Black Women Are Redefining R&B Music Even If the Grammys Don’t Think So

Teyana Taylor attends the listening party for The Album on June 17, 2020 in Beverly Hills, California. (Photo credit: Rich Fury/Getty Images for Def Jam Recordings)

Last year, the Recording Academy, parent of the Grammy Awards, announced several changes, including renaming the Best Urban Contemporary R&B Album category to the Best Progressive R&B Album category with the intention of recognizing “albums that include the more progressive elements of R&B and may include samples and elements of hip-hop, rap, dance, and electronic music.” When asked about eliminating the word “urban”—a severely limiting term that’s been used to lump all Black musicians together—from the R&B categories, the Academy’s interim president Harvey Mason Jr. told Variety, “‘Progressive R&B’ gives us a chance to lean more into the modern R&B and hybrid-style recordings and give us a little bit of flexibility in that category.”

On its surface, the new change is a promising one, expanding the R&B category and honoring the genre’s seamless transition from its gospel-influenced beginnings to a more futuristic sound. And R&B’s recent past has strongly exemplified that evolution, with Black women artists such as Kehlani, Summer Walker, and Victoria Monét leading the way. But none of their albums, all released in 2020, were recognized at this year’s Grammy Awards, which is scheduled to air March 14. (Monét garnered a songwriting nomination for Chloe and Halle’s “Do It,” but her EP Jaguar didn’t receive any nominations). In fact, men make up most of the nominations in this year’s R&B categories, with only men being nominated for Best R&B Album. In a year in which Black women ruled the genre, the Academy’s failure to recognize their varying contributions is utterly abysmal, and, for an organization that claims it wants to be inclusive, the neglect of Black women R&B artists is a step in the wrong direction.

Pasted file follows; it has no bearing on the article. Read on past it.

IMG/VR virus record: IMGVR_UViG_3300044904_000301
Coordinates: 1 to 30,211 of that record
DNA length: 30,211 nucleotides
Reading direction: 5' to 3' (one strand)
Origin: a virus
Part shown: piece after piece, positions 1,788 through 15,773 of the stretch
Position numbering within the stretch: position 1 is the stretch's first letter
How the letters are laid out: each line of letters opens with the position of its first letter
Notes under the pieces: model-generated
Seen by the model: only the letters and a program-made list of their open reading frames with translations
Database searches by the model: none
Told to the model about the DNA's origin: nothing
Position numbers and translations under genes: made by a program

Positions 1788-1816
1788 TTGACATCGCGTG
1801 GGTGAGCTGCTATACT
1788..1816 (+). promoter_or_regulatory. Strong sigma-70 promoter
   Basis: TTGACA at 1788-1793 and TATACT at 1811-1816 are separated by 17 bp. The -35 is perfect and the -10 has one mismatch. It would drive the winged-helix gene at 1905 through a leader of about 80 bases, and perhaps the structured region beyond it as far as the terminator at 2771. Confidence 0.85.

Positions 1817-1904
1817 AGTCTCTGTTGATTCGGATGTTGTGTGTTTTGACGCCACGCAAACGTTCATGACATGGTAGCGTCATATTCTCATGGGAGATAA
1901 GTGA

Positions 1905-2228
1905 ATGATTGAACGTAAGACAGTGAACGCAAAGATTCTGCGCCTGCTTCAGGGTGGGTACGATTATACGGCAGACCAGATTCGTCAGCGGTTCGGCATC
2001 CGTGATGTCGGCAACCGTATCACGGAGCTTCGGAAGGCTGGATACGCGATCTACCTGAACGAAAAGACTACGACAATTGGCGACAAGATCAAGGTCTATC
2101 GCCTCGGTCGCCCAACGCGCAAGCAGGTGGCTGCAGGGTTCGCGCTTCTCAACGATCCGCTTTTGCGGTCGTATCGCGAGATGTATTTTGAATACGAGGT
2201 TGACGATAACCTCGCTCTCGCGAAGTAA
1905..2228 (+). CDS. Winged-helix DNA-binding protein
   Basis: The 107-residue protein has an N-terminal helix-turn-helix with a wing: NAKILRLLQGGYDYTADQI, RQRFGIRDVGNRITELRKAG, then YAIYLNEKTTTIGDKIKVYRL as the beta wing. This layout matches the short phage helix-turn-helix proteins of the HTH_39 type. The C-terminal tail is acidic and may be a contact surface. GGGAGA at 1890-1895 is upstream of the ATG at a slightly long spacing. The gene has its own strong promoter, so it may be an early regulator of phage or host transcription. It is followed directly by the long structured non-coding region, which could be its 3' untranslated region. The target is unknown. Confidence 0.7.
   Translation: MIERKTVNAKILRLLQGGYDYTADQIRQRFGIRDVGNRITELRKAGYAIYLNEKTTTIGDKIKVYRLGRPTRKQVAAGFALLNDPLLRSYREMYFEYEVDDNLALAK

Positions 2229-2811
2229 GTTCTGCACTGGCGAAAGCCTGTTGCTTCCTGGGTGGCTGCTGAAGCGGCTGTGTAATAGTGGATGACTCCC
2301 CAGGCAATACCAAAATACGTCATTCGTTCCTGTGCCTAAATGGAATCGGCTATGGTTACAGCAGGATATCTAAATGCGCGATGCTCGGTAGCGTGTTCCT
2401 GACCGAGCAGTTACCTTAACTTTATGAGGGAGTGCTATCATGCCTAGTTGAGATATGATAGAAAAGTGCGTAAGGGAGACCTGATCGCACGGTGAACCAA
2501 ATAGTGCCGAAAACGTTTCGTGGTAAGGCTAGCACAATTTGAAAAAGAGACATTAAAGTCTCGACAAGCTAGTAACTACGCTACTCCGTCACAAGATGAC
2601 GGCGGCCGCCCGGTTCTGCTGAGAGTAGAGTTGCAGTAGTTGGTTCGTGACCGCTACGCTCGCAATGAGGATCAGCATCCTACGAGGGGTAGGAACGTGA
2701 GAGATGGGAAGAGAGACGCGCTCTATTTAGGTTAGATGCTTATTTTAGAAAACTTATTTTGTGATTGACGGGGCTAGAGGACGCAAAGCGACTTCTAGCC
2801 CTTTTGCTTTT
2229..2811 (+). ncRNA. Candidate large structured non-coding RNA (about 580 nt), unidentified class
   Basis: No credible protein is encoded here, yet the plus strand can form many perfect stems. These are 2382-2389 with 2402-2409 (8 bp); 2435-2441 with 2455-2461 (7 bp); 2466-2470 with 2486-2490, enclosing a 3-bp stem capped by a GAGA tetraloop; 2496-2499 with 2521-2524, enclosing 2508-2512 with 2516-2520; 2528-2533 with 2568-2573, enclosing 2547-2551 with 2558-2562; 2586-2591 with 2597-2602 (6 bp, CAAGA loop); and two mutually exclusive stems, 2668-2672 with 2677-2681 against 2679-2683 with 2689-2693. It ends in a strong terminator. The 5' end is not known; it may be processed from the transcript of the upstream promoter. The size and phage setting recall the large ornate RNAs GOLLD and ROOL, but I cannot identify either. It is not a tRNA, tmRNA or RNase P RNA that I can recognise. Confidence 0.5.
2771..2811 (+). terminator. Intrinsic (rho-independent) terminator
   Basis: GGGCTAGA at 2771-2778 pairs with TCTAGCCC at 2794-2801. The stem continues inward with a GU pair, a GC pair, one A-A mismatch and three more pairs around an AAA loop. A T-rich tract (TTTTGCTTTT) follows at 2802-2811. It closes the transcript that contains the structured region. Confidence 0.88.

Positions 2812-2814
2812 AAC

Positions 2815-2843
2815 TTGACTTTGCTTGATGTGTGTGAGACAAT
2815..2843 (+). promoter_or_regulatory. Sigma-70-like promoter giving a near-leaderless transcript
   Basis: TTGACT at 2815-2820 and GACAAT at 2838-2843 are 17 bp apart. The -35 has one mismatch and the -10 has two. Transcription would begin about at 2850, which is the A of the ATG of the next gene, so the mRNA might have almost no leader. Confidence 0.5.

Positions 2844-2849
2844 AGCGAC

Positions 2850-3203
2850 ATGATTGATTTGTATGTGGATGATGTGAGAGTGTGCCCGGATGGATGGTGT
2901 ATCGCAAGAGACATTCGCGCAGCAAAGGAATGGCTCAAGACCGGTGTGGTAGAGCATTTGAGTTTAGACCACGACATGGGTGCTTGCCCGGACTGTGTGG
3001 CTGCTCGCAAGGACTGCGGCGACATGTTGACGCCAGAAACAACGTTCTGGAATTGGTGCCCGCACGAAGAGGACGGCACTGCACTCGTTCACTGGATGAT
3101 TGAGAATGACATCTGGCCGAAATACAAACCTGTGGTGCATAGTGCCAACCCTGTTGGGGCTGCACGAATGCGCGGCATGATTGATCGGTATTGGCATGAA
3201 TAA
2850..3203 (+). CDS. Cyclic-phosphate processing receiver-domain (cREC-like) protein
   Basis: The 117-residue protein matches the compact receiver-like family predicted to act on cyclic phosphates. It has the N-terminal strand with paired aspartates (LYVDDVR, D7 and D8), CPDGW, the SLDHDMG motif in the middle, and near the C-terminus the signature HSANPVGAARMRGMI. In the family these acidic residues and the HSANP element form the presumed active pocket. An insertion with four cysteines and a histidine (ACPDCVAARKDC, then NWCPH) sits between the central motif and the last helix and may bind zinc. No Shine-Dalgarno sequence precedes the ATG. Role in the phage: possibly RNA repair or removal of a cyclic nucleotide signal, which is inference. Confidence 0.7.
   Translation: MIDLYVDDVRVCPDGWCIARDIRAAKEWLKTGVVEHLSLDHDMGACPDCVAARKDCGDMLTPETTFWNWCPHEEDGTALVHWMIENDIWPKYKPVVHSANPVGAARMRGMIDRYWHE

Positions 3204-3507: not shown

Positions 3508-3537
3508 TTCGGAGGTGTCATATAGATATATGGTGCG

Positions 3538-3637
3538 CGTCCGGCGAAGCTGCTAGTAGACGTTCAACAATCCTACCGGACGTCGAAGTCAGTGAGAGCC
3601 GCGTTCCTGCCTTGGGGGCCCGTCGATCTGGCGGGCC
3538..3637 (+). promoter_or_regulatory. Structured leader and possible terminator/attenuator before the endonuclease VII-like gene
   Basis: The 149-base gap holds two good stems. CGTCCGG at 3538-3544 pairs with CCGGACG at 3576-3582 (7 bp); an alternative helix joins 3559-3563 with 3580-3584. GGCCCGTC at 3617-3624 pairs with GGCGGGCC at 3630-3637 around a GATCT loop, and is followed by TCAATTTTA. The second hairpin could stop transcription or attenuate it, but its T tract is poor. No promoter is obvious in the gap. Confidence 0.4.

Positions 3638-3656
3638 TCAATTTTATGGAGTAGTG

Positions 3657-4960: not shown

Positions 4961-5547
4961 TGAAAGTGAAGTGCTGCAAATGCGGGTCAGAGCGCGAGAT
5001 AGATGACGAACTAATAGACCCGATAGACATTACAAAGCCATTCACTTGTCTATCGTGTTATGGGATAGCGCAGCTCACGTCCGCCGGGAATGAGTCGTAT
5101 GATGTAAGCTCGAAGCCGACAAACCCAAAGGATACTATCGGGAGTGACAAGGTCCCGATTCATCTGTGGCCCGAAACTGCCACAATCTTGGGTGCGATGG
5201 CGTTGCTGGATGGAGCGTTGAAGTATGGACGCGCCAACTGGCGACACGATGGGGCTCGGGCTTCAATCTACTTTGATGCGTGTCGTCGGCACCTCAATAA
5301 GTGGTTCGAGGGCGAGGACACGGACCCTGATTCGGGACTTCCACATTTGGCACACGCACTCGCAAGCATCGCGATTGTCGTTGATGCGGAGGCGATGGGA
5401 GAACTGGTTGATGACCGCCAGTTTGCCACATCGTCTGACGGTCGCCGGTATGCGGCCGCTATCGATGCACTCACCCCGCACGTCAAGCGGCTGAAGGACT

Attempts to honor R&B’s expansion are futile if Black women are overlooked. R&B, a fusion of its musical antecedents—blues, gospel, and jazz—emerged during the late 1940s as Black people left the South during the Great Migration. It was initially classified as race music before the term was deemed offensive and became known as Rhythm and Blues or R&B. R&B is traditionally classified by sad (the “blues”) lyrics sung over a strong backbeat and four or eight rhythm patterns. Exaggerated riffs and runs along with a reliance on improvisation also characterize the genre as vocalists mirrored the style of music performed in the Black church (where would the genre be without the ballads from soulful heavyweights like Aretha Franklin or Etta James?) Those defining characteristics laid the foundation for R&B and were dominant elements well into the 21st century, even as hip hop gradually made its way into the mix with music from Mary J. Blige and Lauryn Hill paving the way for contemporaries like Keyshia Cole and Ciara.